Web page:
Student Columnist Accuses N.C. State English Department of Feminist Bias

A columnist for the Technician, N.C. State University’s official student newspaper, has ignited a controversy on that campus with his charge that the English Department is an “instrument…to convert the ideas and opinions of the student body to the conformist views of feminism.” Ryan Galligan, a fifth-year student and former “P.C. tool,” wrote in his Oct. 12 column that N.C. State English faculty use “subjective grading [as] a convenient power tool” against students, who are “academically bullied to cherish feminism.” He specifically mentioned English 111 and 112, the freshmen composition courses all freshmen are required to take.


Budget Expansion Approved

The State Board of Community Colleges on Friday approved an expansion budget that represents an increase of 21.6 percent in operating funds for fiscal year 2001-02 and a 24.3 percent increase for fiscal year 2001-03. Raising faculty salaries, increasing summer term funding and improving instruction resources were among the priorities addressed.


Dropping Scores to Admit More Minorities Means “Strange Bedfellows”

Large public university systems in California, Texas and Florida may have increased minority enrollment in the face of an end to affirmative action. But the change may not be the result of increased minority test performance. In fact, many schools are dropping the SAT and ACT academic achievement exams as admissions requirements altogether, according to a recent USA Today report, automatically admitting students who are top-ranked in their high schools.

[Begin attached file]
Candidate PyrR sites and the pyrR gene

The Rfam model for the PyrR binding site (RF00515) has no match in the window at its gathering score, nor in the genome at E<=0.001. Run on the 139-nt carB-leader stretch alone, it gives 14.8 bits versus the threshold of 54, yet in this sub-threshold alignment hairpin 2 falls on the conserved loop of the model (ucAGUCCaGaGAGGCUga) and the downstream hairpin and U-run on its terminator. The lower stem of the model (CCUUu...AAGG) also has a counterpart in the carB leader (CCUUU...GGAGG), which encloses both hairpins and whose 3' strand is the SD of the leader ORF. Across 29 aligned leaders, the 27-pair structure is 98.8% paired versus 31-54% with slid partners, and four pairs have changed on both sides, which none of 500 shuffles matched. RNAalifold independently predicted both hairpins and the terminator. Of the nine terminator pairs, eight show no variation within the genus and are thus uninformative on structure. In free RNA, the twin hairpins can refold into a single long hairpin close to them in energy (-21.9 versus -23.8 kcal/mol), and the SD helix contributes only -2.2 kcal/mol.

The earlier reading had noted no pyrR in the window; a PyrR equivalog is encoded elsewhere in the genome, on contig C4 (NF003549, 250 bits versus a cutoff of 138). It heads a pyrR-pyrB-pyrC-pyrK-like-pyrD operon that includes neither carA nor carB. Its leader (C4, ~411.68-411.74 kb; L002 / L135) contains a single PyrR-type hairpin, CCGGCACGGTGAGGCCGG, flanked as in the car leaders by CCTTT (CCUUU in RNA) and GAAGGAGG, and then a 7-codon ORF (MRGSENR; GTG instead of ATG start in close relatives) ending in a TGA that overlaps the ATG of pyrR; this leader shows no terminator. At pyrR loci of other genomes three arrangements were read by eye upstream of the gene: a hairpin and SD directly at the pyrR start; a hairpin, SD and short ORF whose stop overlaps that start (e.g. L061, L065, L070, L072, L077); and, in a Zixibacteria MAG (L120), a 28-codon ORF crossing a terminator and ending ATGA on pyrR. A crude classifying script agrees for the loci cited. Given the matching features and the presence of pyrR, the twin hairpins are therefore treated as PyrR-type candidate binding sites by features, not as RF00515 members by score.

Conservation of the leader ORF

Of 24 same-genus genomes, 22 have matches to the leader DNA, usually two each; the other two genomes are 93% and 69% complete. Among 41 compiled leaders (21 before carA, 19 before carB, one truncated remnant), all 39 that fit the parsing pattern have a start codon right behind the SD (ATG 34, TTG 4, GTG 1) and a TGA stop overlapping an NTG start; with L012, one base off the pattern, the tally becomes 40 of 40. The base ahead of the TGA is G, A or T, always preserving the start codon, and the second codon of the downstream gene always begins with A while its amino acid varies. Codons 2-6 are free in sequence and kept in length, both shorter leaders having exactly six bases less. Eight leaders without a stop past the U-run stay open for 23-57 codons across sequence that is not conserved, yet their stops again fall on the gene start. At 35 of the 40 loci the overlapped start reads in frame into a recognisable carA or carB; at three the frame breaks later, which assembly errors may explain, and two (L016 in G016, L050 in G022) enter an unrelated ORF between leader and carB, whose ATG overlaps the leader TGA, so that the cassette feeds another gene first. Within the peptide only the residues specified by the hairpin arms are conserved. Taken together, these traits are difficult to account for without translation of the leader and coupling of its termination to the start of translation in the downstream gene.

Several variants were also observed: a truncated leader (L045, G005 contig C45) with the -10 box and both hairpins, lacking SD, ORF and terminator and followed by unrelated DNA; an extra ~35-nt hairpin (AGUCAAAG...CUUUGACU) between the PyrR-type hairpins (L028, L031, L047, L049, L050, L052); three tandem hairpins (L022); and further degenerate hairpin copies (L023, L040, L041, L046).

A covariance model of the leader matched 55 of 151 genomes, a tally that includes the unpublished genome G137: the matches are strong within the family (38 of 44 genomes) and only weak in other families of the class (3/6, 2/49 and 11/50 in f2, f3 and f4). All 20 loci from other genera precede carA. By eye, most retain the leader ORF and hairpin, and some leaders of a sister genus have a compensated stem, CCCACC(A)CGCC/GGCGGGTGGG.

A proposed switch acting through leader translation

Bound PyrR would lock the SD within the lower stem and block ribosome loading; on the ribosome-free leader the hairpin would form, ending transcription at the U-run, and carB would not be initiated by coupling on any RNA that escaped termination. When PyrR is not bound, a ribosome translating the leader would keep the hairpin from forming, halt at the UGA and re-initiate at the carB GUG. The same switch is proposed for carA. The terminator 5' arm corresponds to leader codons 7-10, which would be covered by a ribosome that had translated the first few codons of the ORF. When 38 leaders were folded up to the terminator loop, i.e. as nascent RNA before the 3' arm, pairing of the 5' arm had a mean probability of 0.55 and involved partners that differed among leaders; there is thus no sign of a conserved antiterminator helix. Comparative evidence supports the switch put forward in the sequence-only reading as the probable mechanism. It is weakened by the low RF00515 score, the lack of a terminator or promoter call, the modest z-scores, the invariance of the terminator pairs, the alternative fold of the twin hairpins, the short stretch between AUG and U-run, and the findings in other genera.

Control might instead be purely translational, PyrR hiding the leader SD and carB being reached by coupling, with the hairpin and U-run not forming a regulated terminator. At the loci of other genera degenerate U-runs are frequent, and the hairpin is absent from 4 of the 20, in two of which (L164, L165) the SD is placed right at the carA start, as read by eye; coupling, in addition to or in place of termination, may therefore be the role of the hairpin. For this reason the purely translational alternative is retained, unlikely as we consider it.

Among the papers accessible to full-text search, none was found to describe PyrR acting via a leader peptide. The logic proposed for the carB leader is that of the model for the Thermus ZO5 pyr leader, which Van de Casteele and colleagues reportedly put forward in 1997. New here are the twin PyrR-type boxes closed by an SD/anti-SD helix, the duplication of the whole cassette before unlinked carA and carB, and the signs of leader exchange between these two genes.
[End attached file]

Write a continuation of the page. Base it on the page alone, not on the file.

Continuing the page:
Tax Increases from UNC Bonds a Virtual Certainty,” According to New Report

Proponents of the $3.1 billion bond for construction at UNC-system schools and community colleges have downplayed the possibility that tax increases may be necessary to cover additional debt service incurred by the state. But a recent analysis by the John Locke Foundation’s Pope Center for Higher Education Policy says otherwise.


Meredith Student

A Meredith College student says she wants to clear up misconceptions about the controversy that disrupted her class last spring when political science professor Clyde Frazier released his manuscript “Is Masculinity Obsolete?” Contrary to several reports, the attacks on Frazier’s manuscript stemmed not from students in the class, but from feminist professors and students who obtained and circulated the manuscript after hearing about it from members of the class.